Standing up, Creet’tho opened the outpost’s medical kit and extracted the small digital vitals monitor and unrolled a set of medical leads.  Turning towards his patient, he paused, momentarily puzzled as to how to remove the flexible, one piece body armor and tunic she wore without potentially causing more injury.  Deciding that propriety wasn’t worth the risk of puncturing a lung or internal organ, he dug through the medical kit again until he found what he needed.  The small set of servo-powered shears, designed specifically for medical providers to cut through protective layers of body armor.  Starting at her left ankle, he began to cut upwards towards her neck.  Once the entire cut was made, he peeled back the layers of armor and underclothing to reach her torso.  Like the Gaalsien, she had low body fat.  Food was never available in excess in the Great Waste for his people, and he wasn’t surprised for that to be the case for the Godless.  Her skin, however, was darker than most of those in his Kiith, although lighter than it was on her hands and face.  Setting the monitor on the folded-back armor to hold it away from her skin, he quickly attached the leads around her heart and to the lower part of her torso, as well as a blood pressure cuff and a fingertip blood oxygen monitor.  The machine turned itself on and began recording readings: heart rate, blood oxygen, blood pressure, respiratory rate, temperature and hydration level all appeared on the display after a few minutes.  Besides being slightly dehydrated, none of her vital signs struck him as alarming, and that being the case after ten hours. meant it was unlikely she had any internal injuries.  Feeling grateful that his patient’s needs remained within his skill set, Creet’tho turned back to the medical kit and began to prepare an IV.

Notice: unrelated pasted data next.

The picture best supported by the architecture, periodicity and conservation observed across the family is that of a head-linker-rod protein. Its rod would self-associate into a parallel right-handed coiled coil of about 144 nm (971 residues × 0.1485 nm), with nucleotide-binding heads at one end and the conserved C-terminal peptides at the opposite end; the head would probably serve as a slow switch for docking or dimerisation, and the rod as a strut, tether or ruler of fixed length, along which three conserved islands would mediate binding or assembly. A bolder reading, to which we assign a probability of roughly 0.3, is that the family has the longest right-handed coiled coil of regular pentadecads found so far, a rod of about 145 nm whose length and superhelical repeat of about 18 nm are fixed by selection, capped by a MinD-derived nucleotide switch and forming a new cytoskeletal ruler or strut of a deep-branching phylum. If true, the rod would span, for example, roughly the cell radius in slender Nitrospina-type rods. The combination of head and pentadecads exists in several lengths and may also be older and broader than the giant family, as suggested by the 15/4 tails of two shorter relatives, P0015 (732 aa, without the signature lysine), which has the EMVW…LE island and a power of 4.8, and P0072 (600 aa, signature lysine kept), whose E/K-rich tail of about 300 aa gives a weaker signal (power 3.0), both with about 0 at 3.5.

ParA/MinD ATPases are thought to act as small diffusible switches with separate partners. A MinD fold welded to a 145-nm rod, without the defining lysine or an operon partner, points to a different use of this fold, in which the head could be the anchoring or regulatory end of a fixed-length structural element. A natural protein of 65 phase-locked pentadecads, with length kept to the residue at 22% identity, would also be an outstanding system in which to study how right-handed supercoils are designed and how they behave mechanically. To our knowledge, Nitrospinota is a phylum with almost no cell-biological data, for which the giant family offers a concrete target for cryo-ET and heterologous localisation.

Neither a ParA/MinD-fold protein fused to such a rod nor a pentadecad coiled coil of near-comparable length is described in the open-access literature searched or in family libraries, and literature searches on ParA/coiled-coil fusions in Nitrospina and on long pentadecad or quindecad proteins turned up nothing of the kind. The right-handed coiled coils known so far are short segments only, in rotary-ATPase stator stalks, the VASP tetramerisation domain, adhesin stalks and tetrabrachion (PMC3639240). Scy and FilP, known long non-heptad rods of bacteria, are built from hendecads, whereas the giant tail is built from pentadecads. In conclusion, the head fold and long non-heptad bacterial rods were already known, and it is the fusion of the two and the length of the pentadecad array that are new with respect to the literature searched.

An hour later, his patient’s vitals were normal, and, to Creet’tho’s chagrin, so was her voice.  “Helped Khaaneph” she said, her tone a mixture of accusation and surprise.  She had partially propped herself up against the wall of the outpost, although her abdomen pain seemed kept her from sitting up the entire way.  She glared at Creet’tho, showing no evidence of embarrassment despite her clothing and armor being cut open, and was equally unfazed by the medical equipment attached to her bare torso.  She was too young and thin to have much of a womanly figure, but Creet’tho remained surprised at her boldness.  “Why?”  “What is your name?” Creet’tho countered.  “I am Khaaneph, sandworm!  Have I not said so?  I must urinate.  Help.”  It was an order, not a request.  Creet’tho sighed inwardly, careful to appear emotionless.  His hands ached again, his legs were sore, and he had no way to reach Command to inform them of what was an unprecedented encounter with their elusive enemy.  “I will perform and endure my duty”, he reminded himself.  He just wished he could reach Command.  “Why no help?” insisted the girl, her voice full of confusion.  “The waste collector is right over there” said Creet’tho, pointing to a funnel-shaped device attached to a tube that ran into the shelter’s water reclamation system a meter away from the bed.  “But there isn’t any privacy…”. “Pri-VA-cy?” She replied, with an odd emphasis “What does that mean, privacy?  I do not have patience for this speech. Help.”  Sliding a rations case over to put it in reach of the reclamation tube for her to use as a makeshift seat, Creet’tho turned back towards his patient.  “Can you stand?” he asked.  “Khaaneph cannot stand” she replied “help move”.  Creet’tho flexed his hands experimentally, making sure they had range of motion for the task at hand.  “Sajuuk, grant me the strength and patience to assist the soul of this young Godless, for her sake and for the benefit of my Kiith” he prayed silently, then turned.  It was unlikely she weighed significantly more than than the weight of his protective equipment and rifle of which he was accustomed to bearing, so picking her up and moving her a meter should not prove too difficult, despite his protesting muscles.  “Let me disconnect you from the monitor and we’ll need to get this armor off of you” he replied.  “Who is this ‘you’?!  I am Khaaneph!” Her tone was that of one speaking to a child.  “Okay, I need to take off these leads and your armor, Khaaneph, so that I can move you…I mean, Khaaneph” said Creet’tho.  The glare he received spoke volumes, declaring that these were obvious factors that did not need to be explained.  Greatly perplexed by his charge’s speech and behavior, he peeled the medical monitors off of her skin and pulled her armor the rest of the way from her body.  She expressed no embarrassment, and made no move to assist.  Putting his hands under her armpits, he prepared to lift.  “Do not hurt Khaaneph, sandworm” she warned.  Given the fact that he’d had plenty of opportunities to do so if he’d wanted, Creet’tho felt this didn’t warrant a reply.  Flexing and turning, he lifted her off of the bed and placed her on the makeshift seat, carefully leaning her against the wall of the outpost as he set her down.  “There.  Let me put on my coat and mask and I’ll step outside while you…” “Go nowhere” she replied “Khaaneph will need to be put back on bed”.  Turning away and moving five meters to the opposite end of the outpost, Creet’tho did as requested.